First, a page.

John H. Schumann, MD, FACP, provides transparency on the workings of medical practice and the complexities of hospital care, illuminates the emotional and cognitive aspects of caregiving and decision-making from the perspective of an active primary care physician, and offers behind-the-scenes portraits of hospital sanctums and the people who inhabit them.
Ryan Madanick, MD, ACP Member, is a gastroenterologist at the University of North Carolina School of Medicine, and the Program Director for the GI & Hepatology Fellowship Program. He specializes in diseases of the esophagus, with a strong interest in the diagnosis and treatment of patients who have difficult-to-manage esophageal problems such as refractory GERD, heartburn, and chest pain.
Mike Aref, MD, PhD, FACP, is an academic hospitalist with an interest in basic and clinical science and education, with interests in noninvasive monitoring and diagnostic testing using novel bedside imaging modalities, diagnostic reasoning, medical informatics, new medical education modalities, pre-code/code management, palliative care, patient-physician communication, quality improvement, and quantitative biomedical imaging.
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David Katz, MD
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Richard Just, MD, ACP Member, has 36 years in clinical practice of hematology and medical oncology. His blog is a joint publication with Gregg Masters, MPH.
Kevin Pho, MD, ACP Member, offers one of the Web's definitive sites for influential health commentary.
Michael Kirsch, MD, FACP, addresses the joys and challenges of medical practice, including controversies in the doctor-patient relationship, medical ethics and measuring medical quality. When he's not writing, he's performing colonoscopies.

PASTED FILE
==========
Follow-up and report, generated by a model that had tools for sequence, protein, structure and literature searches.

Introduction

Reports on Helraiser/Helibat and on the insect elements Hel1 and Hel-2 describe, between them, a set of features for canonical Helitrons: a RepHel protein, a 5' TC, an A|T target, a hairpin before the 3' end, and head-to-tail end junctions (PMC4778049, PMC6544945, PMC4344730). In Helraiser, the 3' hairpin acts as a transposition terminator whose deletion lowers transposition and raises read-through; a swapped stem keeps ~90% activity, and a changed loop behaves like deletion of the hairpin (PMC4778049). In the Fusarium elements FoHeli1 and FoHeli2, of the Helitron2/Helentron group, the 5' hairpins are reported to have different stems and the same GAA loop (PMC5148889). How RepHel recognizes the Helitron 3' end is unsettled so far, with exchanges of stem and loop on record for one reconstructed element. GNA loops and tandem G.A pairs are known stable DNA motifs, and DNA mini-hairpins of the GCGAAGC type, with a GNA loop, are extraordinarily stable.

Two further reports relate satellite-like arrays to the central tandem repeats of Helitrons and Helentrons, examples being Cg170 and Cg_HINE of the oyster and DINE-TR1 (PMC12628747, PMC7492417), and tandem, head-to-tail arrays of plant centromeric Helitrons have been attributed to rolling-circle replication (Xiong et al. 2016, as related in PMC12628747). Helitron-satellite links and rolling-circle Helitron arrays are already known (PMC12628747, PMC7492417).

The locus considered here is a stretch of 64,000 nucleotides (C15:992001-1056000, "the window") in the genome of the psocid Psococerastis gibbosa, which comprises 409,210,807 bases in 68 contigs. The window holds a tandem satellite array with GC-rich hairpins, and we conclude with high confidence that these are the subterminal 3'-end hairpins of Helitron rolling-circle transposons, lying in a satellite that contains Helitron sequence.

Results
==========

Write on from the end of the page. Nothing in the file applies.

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Rob Lamberts, MD, ACP Member, a med-peds and general practice internist, returns with "volume 2" of his personal musings about medicine, life, armadillos and Sasquatch at More Musings (of a Distractible Kind).
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Also known as the Green Journal, the American Journal of Medicine publishes original clinical articles of interest to physicians in internal medicine and its subspecialities, both in academia and community-based practice.
A collaborative medical blog started by Neil Shapiro, MD, ACP Member, associate program director at New York University Medical Center's internal medicine residency program. Faculty, residents and students contribute case studies, mystery quizzes, news, commentary and more.
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One of the most popular anonymous blogs written by an emergency room physician.